Breaking Down the Initial Amicus Briefs in Bruen

  • Date:
  • August 11th, 2021

By: Alexys Ogorek

In New York State Rifle & Pistol Association Inc. v. Bruen, the Supreme Court will answer: Did New York’s denial of petitioners’ applications for concealed-carry licenses for self-defense violate the Second Amendment? New York bars open carry of handguns, and the state has a “may issue” licensing scheme to carry a concealed handgun. This means the applicant must meet certain statutory requirements, and the licensing official has discretion in the final decision of whether to issue a permit. (Alternatively, states with “shall issue” schemes offer little to no discretion, instead relying solely on statutory requirements.) In New York, discretion comes in the form of determining if the applicant showed “proper cause” for needing to carry a concealed handgun. The standard of “proper cause” is not statutorily defined but has been interpreted as a “special need” above that of the public or of applicant’s specific profession.

There are two dimensions of particular importance in the case. First, the Court’s treatment of New York’s “may issue”/“proper cause” scheme will undoubtedly impact the other six states with similar licensing requirements. Second, the Court must deal with the question of how to evaluate claims regarding Second Amendment laws. Many amici, some judges, and even a few Justices argue that courts should look only to text, history, and tradition. Under this test, a law with no historical analogue would apparently be unconstitutional. However, every federal court of appeals to come across the question has settled on a different approach: a two-part means-ends scrutiny framework. At the first step of this test, courts ask if the law burdens conduct the Second Amendment protects. If not, then the law is constitutional. If so, then courts use a heightened level of scrutiny to determine if the law sufficiently furthers an important or compelling government interest. Given this dramatic difference in methodology, the Court’s decision has the potential to disrupt a considerable amount of case law. 

Considering the stakes at issue, it is no surprise that there are copious amicus briefs filed in Bruen. Briefs in support of petitioner and in support of neither side were due July 20th, 2021. There are 49 amicus briefs docketed on the Supreme Court’s website; and there will likely be a similarly large number in support of the state filed in September. All but two of the currently posted briefs are in support of petitioners. One of these, a brief of “Second Amendment Law Professors,” was written by Center Faculty Co-Directors Joseph Blocher and Darrell Miller, along with SMU Law Professor Eric Ruben. The professors argue the Court should “hold that the courts of appeals are using the proper doctrinal framework to adjudicate Second Amendment claims.” On another note, the brief of Patrick J. Charles provides a historian’s “contextualized understanding” of the history of modern laws concerning concealed carry and dangerous weapons.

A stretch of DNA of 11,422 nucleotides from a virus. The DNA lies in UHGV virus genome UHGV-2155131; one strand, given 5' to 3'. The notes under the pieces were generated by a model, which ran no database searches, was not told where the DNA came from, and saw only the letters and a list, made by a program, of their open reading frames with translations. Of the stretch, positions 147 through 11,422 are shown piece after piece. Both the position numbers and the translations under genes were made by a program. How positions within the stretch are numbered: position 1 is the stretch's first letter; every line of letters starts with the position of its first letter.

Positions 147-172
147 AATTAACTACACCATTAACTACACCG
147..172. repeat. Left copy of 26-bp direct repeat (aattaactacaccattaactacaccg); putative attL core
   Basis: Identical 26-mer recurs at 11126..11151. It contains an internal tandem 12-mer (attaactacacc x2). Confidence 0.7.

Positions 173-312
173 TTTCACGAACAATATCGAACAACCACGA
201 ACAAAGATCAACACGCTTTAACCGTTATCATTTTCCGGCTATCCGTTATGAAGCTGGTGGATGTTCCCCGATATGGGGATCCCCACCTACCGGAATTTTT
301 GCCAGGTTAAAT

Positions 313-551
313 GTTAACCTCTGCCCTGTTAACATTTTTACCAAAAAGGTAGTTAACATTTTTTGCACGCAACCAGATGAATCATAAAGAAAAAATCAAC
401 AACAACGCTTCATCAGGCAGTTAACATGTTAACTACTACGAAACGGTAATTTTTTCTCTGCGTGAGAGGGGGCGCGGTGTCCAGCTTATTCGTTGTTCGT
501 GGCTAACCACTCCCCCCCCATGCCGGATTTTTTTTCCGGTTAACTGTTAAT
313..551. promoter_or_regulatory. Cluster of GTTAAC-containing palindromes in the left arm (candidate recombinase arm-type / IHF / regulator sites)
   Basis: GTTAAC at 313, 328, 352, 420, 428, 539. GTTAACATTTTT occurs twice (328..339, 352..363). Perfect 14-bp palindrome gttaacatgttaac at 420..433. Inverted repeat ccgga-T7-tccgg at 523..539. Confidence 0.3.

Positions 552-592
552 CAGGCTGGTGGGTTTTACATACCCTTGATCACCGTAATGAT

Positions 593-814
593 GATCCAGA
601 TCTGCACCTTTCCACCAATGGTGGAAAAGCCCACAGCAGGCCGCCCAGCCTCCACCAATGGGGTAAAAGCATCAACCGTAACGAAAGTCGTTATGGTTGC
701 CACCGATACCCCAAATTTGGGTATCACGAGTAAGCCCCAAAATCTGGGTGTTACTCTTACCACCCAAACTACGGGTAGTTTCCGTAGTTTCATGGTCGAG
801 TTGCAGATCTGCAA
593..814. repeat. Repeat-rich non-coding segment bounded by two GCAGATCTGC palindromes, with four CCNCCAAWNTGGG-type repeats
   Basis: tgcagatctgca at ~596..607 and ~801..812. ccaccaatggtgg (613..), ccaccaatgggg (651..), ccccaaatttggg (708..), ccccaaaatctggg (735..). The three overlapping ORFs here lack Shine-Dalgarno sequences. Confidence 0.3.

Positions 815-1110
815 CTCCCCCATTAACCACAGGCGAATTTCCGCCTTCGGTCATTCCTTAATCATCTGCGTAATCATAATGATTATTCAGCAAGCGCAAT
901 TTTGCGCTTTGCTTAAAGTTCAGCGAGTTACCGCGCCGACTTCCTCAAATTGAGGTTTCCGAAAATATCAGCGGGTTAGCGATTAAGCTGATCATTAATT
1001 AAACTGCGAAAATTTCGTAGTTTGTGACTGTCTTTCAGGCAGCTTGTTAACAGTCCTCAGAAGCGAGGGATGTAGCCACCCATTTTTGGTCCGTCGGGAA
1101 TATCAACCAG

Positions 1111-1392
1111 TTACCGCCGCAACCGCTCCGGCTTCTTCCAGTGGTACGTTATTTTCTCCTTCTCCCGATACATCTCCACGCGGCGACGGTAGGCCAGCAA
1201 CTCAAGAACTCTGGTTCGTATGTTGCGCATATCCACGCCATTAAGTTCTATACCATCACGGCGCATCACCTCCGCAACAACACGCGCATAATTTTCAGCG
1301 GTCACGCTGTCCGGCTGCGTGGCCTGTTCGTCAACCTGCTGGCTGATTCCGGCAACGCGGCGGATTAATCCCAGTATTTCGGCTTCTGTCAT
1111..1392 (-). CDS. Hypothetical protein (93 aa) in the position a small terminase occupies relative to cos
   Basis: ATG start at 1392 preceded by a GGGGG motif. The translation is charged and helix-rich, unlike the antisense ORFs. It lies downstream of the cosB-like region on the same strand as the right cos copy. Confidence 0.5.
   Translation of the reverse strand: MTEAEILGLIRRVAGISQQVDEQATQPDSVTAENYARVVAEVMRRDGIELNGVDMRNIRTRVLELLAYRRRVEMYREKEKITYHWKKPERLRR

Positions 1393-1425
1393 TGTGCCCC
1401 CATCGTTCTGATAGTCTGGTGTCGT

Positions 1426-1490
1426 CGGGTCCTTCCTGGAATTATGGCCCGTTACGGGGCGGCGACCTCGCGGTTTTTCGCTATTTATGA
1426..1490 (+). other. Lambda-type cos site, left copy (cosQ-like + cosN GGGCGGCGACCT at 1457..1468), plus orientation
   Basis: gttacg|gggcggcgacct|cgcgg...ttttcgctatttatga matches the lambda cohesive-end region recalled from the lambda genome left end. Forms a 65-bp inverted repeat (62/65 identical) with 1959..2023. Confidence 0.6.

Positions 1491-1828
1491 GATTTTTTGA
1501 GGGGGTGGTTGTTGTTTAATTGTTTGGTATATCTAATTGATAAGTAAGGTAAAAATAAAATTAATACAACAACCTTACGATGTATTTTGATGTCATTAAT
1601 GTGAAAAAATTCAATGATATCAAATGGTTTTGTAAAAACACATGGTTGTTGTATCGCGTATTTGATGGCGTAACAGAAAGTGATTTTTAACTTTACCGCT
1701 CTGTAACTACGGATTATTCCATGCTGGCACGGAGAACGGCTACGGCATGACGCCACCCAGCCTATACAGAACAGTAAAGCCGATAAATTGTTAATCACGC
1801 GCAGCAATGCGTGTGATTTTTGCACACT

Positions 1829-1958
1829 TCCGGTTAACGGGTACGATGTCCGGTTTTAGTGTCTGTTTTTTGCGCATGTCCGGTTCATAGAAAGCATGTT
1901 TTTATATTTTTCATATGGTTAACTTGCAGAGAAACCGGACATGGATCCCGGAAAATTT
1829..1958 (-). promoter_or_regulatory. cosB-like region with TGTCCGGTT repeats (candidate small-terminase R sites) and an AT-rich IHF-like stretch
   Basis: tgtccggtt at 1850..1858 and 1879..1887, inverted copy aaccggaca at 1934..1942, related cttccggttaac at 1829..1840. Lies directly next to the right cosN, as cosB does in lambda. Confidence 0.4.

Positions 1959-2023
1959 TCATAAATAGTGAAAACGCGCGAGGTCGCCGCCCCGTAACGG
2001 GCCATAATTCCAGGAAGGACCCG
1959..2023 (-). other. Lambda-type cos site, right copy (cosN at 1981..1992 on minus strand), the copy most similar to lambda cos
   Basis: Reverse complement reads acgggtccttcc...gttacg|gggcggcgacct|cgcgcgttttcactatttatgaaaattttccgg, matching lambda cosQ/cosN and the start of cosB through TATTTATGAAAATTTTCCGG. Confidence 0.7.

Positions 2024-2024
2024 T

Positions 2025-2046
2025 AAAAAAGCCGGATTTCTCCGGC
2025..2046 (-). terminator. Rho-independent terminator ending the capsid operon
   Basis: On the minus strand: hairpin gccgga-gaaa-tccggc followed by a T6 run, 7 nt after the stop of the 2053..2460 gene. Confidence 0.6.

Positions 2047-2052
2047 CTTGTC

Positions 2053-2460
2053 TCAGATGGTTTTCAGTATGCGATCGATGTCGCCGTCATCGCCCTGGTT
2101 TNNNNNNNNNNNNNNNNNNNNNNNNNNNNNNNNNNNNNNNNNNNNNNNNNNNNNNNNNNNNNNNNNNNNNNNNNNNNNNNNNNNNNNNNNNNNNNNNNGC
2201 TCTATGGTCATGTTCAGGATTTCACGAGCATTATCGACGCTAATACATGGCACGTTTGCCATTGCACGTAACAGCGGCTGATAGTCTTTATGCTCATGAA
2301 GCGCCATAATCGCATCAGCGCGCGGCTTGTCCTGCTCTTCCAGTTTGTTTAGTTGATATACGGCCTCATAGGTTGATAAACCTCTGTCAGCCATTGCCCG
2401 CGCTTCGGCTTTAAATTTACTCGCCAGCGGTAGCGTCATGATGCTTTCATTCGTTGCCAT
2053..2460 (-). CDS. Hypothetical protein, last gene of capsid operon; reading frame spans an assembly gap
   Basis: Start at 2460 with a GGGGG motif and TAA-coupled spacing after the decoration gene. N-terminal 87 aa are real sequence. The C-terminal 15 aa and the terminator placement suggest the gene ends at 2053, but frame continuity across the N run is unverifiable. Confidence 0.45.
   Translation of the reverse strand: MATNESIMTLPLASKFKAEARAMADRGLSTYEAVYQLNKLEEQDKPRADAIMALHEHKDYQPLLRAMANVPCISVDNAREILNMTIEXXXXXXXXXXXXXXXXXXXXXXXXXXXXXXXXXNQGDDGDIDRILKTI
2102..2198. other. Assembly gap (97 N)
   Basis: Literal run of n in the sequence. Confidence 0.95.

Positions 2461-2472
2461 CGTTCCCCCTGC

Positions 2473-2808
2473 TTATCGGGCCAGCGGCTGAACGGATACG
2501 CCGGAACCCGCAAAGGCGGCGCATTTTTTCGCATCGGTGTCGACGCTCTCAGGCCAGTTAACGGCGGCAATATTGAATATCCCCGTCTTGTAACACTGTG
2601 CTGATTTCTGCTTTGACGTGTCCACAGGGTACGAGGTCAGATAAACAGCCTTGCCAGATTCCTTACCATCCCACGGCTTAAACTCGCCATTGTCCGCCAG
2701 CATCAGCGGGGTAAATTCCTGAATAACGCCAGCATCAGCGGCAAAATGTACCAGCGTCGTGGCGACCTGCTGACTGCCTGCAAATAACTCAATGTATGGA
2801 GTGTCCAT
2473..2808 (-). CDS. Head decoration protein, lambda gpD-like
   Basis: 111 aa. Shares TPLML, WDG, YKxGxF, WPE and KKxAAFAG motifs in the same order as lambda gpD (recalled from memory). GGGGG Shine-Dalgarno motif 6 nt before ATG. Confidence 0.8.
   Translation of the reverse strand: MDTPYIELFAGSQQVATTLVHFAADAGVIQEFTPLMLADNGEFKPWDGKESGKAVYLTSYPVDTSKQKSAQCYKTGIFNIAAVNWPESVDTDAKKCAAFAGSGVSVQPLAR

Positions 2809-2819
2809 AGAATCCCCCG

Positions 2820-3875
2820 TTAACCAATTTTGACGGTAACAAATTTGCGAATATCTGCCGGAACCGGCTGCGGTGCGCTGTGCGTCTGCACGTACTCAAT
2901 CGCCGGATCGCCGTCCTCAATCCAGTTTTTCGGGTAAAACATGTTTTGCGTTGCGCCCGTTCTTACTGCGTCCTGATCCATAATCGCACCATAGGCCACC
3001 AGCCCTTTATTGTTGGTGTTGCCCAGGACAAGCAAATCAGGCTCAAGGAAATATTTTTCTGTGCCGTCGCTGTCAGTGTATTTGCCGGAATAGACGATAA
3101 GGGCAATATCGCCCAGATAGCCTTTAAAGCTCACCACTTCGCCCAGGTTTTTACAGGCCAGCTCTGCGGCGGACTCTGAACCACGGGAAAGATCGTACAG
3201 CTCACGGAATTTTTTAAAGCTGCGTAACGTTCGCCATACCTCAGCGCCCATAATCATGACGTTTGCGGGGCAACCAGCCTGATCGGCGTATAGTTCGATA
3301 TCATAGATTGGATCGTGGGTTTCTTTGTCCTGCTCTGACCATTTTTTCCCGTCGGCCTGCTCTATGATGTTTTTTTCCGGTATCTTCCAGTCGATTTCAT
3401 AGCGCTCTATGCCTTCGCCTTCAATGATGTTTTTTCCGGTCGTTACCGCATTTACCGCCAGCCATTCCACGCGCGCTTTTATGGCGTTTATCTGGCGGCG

This level of amicus support is consistent with a broader trend. Over the past ten years, the Supreme Court has seen a dramatic increase in the number of amicus briefs filed. From 1946-1955, there was an average of one brief filed per case. Then, 1986-1995 saw about five briefs per case. Most recently, the 2019-2020 term yielded an average sixteen briefs per case, for a total of 911 briefs. In the same term, eight cases had at least thirty briefs; Bostock v. Clayton County, a case contemplating Title VII protections for LGBTQ+ employees, had the most filed with 94 unique briefs. In Bruen, if there are as many briefs supporting the state as there are opposing it, the case will surpass the number in Bostock. Usually cases with controversial, social issues generate large numbers of amicus briefs. Interestingly, in 2008, District of Columbia v. Heller held the record for the most amicus briefs up to that time, with 68.

Source: “Amicus Curiae at the Supreme Court: Last Term and the Decade in Review,”

The National Law Journal, 11/18/2020

The Bruen amicus briefs cover a wide array of topics. Three briefs explicitly invoke corpus linguistics evidence. Twelve briefs discuss the Second Amendment’s treatment as a “second-class” or “disfavored” right. Eleven briefs note the racial/gender/outgroup impacts of laws. Of these, 2 discuss threats against women, 9 focus on racial divides, 3 note anti-immigrant discrimination; there are also single mentions of discrimination against LGBTQ+ individuals, religious minorities, indigent people, and ethnic minorities.

The following table highlights the breakdown of amicus briefs arguing for certain positions or invoking certain arguments.


Briefs that used…

Briefs that did not use…

Percent that used…

(out of 49)

Text, History, Tradition




Scrutiny Analysis




Corpus Linguistics




Discriminatory Outgroup Impact of Laws




“Disfavored” right language




The Center’s work also factored into the legal analysis of several amicus briefs. Four briefs cite posts on this blog. Additionally, there are 2 direct references to the Repository of Historical Gun Laws. (The Repository is a free, searchable database of gun laws. Laws are organized by subject-matter, with seventeen categories. It is also searchable by geographic area; laws are divisible by country – United States or English law – by all fifty states, or by one of twenty-two cities.) And 4 briefs cite scholarship from the Center directors.